Citizenship in the Central African Republic is set forth in the 1961 nationality code, as amended most recently in 1984. The code provides that the child of one Central African parent obtains nationality, wherever the child is born; but also that a child born in the country of two foreign parents can acquire nationality by declaration while still a minor. The 1984 amendments repealed a 1966 provision that naturalisation required 35 years residence, to restore the previous requirement for 5 years residence.
The law stipulates the conditions under which a woman who marries a Central African acquires Central African nationality. However, it does not allow Central African women to pass their citizenship to their foreign spouses.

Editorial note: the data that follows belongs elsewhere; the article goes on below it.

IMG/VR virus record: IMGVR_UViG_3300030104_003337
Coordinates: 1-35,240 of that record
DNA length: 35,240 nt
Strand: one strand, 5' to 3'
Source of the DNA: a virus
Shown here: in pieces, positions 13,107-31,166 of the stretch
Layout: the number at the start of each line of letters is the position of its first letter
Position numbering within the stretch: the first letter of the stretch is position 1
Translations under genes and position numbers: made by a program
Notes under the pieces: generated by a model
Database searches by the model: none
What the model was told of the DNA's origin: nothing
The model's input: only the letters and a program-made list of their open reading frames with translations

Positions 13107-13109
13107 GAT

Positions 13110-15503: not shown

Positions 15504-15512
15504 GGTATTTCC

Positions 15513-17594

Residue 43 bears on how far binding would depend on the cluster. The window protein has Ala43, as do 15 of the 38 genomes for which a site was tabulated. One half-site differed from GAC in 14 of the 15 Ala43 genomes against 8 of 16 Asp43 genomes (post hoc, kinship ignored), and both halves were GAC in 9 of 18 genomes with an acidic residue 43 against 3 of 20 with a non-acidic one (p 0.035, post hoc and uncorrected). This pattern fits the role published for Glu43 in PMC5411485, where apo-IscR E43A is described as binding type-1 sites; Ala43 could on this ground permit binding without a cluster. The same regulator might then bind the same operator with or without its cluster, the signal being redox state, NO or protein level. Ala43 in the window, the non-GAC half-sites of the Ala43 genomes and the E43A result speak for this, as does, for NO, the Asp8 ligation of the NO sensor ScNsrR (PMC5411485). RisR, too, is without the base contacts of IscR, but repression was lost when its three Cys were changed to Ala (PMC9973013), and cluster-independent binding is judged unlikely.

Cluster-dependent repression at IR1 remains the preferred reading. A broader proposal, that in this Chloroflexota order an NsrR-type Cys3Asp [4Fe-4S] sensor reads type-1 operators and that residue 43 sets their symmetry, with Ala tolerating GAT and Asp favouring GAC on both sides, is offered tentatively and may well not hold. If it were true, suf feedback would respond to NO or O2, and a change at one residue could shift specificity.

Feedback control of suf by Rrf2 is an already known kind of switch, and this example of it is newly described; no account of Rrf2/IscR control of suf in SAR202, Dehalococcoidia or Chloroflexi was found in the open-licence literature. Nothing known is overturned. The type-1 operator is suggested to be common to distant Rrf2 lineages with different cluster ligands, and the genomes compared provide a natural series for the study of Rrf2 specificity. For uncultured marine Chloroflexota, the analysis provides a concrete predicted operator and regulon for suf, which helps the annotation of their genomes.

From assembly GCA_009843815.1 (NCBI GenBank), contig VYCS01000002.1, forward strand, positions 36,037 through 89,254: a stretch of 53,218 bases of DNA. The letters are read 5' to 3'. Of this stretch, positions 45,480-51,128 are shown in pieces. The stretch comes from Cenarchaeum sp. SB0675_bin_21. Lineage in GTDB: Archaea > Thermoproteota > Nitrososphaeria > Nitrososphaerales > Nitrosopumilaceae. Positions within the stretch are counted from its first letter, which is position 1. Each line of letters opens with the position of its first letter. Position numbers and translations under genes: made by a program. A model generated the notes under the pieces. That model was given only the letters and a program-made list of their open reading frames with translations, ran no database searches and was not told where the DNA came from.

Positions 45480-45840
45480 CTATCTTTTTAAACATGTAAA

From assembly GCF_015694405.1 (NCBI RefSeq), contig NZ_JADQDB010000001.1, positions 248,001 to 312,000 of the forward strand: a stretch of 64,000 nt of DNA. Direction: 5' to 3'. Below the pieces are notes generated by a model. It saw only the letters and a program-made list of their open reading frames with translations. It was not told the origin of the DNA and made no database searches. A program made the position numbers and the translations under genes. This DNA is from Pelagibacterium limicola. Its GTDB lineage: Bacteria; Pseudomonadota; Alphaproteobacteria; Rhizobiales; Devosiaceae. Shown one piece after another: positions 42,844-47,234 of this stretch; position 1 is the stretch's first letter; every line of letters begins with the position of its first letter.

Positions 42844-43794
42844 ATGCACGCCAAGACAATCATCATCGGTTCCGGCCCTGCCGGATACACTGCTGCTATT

The UN Committee on the Rights of the Child has expressed concern over the low levels of birth registration in the Central African Republic, which has led to violations of the right to a nationality for children whose birth has not been registered.
The ethno-religous violence that broke out in the Central African Republic in 2013 has been accompanied by accusations that many Muslims are of Chadian origin and not entitled to Central African nationality.